Where Technology Meets Biology
Rapid developments in genomic and molecular research + extreme advances in information technologies = a multitude of biological information . . . and the need for experts to compute, process, model, simulate, and analyze it.
Enter computational biology, a fusion of biology and IT. Specialists in this field use computational analyses to study the vast information provided by modern molecular biology—such as DNA sequences, which are growing at an unprecedented rate. With a Bachelor of Science in Computational Biology, you’ll be prepared to enter a unique and cutting-edge field of biology/medicine and analyze data that may support the creation of new pharmaceuticals, treatments for life-altering diseases, improvements in crop production, or protection of the environment.
If you’re considering a degree in computational biology, it pays to attend a top-ranked technological research university. Specialized computations facilities and computing laboratories offer the very latest in software and technologies. You’ll also benefit from small class sizes (the average is about 30 students) and one-on-one faculty interaction.
- BS graduates receive a pragmatic, quantitative education with equal focus on computation and structure, as well as molecular biology.
- Undergraduate research is emphasized. Current professors are engaged in research projects ranging from plant molecular biology and comparative genomics to organization and evolution of disease resistance genes in grains.
- Utilize your interest in computer science, biology, chemistry, physics, or math by getting involved with the Enterprise Program—teams of undergraduate students working on real-world products and research for industry.
- Technology in undergraduate labs is cutting edge: DNA sequencers; up-to-date, powerful computers capable of running Linux, Unix, and Windows servers for large dataset processing; and more.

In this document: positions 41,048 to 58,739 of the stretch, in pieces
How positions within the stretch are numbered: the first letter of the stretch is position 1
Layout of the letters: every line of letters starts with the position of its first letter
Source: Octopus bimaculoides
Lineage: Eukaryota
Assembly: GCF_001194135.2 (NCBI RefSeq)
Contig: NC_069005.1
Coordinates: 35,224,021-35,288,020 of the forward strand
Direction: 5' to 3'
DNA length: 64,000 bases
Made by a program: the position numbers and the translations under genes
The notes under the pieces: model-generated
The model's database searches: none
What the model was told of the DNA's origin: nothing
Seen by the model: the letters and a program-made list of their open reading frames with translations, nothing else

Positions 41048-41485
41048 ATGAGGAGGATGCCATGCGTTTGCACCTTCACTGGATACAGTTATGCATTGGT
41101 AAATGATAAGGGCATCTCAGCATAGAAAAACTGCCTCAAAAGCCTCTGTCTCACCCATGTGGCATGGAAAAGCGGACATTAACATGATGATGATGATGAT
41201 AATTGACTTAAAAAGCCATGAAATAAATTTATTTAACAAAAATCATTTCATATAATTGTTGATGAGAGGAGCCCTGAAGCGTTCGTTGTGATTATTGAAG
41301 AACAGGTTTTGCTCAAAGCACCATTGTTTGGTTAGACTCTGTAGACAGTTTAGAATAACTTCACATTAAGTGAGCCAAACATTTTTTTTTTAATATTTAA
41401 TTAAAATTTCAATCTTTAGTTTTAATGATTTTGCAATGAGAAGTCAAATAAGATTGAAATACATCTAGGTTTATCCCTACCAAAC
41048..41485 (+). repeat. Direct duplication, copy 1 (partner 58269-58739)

- Get involved outside the classroom. Students at Michigan Tech get involved with any number of professional organizations—Phi Sigma, the National Biology Honor Society; Microbiology Club; Botany Club; Pre-Health Association; and more.
All Computational Biology graduates will:
|Goal 1||integrate biological concepts and computer programming applicable to computational biology.|
|Goal 2||apply the scientific method of investigation.|
|Goal 3||have the ability to collate information from diverse sources.|
|Goal 4||increase critical thinking and problem solving skills.|
|Goal 5||be aware of ethical and moral issues in their field.|
Our undergraduate degree programs emphasize hands-on research at all levels. Our faculty members are advancing basic and applied research in biology, and students are welcomed into their research groups.
Contact the faculty member you are interested in working with to learn more. Specific positions in each lab depend on availability and funding.
Learn more about undergraduate research.
Computational biology represents an expanding and rapidly growing sector of biology/medicine and technology. Data handling has not kept up with the explosion of new data, which means that graduates in this field are in extremely high demand. Career opportunities are diverse and wide ranging, including genotyping, genomic sequence analysis, sequence assembly, database administration, and pharmacogenomics.
- Kimberly Clark
- Smith Kline Beecham
- Abbott Labs
- Welch Food, Inc.
- Merck Pharmaceuticals
- Eli Lilly and Co.
- Government agencies
- University research laboratories